"Eva's methods for drug delivery are very novel and versatile and can be adapted to delivery of proteins, peptides, DNA and smaller chemical compounds like most drugs. The breadth of applications makes her technology very powerful," Hamm says.

The chemist is also collaborating with Dennis E. Hallahan, professor of radiation oncology at Vanderbilt, to apply the drug delivery system to fighting cancer. Hallahan's lab had identified a molecule that targets a surface feature on lung carcinomas. Harth took the molecule, improved it, attached it to her nanoparticle and the two of them determined that the combination is capable of delivering drugs to the surface of lung tumors.

She is now working with Hallahan to adapt her delivery system to carry cisplatinum, a traditional chemotherapy agent that is used to treat a number of different kinds of cancer but is highly toxic and has a number of unpleasant side effects.

By delivering the anti-cancer agent directly to the cancerous tissues, Eva's system decreases the adverse effects on other tissues and increases its potency by delivering a higher concentration of the drug directly on the cancer, Hallahan explains.

"The people in my lab have tried at a number of different drug delivery systems and Eva's works the best of those we've looked at," Hallahan says.

Vanderbilt is applying for two patents on the system.

Vanderbilt University


Related Drug Delivery Current Events and Drug Delivery News Articles


Nanoscale Trojan horses treat inflammation
Nanosized Trojan horses created from a patient's own immune cells have successfully treated inflammation by overcoming the body's complex defense mechanisms, perhaps leading to broader applications for treating diseases characterized by inflammation, such as cancer and cardiovascular diseases.

Two-stage nanoparticle delivery of piperlongumine and TRAIL anti-cancer therapy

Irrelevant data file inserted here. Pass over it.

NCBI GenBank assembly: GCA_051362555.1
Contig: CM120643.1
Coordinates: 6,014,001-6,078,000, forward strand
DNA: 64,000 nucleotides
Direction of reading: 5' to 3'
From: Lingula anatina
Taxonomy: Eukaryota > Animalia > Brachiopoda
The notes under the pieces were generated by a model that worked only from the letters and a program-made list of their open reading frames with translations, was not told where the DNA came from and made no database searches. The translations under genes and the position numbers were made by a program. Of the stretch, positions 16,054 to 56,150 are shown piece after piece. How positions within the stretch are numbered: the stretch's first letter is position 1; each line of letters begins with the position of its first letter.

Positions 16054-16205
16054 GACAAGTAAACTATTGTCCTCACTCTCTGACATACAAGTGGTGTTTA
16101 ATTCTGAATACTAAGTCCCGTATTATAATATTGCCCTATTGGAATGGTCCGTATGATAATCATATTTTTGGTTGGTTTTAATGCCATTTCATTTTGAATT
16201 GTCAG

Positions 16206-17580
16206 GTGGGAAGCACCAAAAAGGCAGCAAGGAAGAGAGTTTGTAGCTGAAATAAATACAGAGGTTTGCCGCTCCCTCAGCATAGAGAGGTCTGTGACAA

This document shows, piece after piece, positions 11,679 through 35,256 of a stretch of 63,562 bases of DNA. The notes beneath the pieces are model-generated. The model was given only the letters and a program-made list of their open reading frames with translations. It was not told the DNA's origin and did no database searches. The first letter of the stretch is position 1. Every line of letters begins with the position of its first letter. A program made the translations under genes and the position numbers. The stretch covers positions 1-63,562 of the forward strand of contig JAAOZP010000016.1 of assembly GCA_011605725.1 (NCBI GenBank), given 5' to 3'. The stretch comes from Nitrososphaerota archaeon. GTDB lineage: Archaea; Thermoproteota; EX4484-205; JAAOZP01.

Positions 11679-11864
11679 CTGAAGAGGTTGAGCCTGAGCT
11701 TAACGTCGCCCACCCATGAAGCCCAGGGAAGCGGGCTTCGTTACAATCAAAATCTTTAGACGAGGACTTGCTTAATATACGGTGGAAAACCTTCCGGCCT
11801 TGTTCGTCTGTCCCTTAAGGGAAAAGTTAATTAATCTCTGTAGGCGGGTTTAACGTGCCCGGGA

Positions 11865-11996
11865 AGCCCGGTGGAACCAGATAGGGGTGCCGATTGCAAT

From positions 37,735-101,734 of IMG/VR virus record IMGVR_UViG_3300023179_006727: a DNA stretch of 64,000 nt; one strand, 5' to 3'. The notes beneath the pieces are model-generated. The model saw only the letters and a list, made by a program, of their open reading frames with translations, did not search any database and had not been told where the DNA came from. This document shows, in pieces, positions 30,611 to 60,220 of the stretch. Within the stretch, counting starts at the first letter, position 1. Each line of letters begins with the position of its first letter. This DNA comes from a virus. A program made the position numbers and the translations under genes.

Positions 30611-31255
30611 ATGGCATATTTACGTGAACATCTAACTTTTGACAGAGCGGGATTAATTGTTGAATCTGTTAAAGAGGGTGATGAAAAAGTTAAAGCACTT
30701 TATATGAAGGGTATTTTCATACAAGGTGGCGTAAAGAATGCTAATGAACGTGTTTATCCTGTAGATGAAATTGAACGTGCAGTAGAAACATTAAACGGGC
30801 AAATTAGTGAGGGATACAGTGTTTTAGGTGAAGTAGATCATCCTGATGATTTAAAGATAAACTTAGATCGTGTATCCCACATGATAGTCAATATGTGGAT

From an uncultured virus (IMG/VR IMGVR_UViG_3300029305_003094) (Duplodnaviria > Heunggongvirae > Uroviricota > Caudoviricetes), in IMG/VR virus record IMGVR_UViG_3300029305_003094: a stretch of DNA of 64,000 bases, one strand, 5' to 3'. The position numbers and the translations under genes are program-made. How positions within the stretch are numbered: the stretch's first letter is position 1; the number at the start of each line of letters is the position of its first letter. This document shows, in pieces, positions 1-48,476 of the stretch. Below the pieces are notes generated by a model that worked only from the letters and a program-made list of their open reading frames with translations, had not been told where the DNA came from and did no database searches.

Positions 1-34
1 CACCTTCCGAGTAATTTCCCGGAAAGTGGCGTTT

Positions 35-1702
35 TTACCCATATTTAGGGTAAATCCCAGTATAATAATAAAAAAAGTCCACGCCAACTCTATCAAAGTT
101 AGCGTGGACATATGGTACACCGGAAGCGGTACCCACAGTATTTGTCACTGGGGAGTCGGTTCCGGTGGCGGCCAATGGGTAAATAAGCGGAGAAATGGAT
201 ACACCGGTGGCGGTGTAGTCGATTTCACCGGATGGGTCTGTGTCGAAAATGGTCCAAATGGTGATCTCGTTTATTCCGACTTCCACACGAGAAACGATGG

A team of researchers from Cornell University in Ithaca, New York demonstrated a drug delivery mechanism that utilizes two independent vehicles, allowing for delivery of chemically and physically dis-tinct agents.

USC study finds blindness and visual impairment will double by 2050
A study published today by researchers at the University of Southern California (USC) Roski Eye Institute in JAMA Ophthalmology found that the U.S. prevalence in visual impairment (VI) and blindness is expected to double over the next 35 years.

Is an insulin pump the best therapy for everyone with type 1 diabetes?
Insulin pump therapy contributes to better blood glucose control in type 1 diabetes and, as pump technology continues to improve and become part of sensor-controlled feedback and artificial pancreas systems, essentially all patients would benefit from their capabilities according to a Commentary published in Diabetes Technology & Therapeutics (DTT).

Dynamic DNA polymers can be reversed using biocompatible techniques
DNA-based straight and branched polymers or nanomaterials that can be created and dissolved using biocompatible methods are now possible thanks to the work of Penn State biomedical engineers.

Effect of the Van-der-Waals and intramolecular forces
In modern microelectronics, nanobiotechnology, nanorobots increasingly have being used both organic biomacromolecules and fragments, as nucleotides, peptides, DNA, and inorganic elements, like as metallic nanoparticles, carbon nanotubes.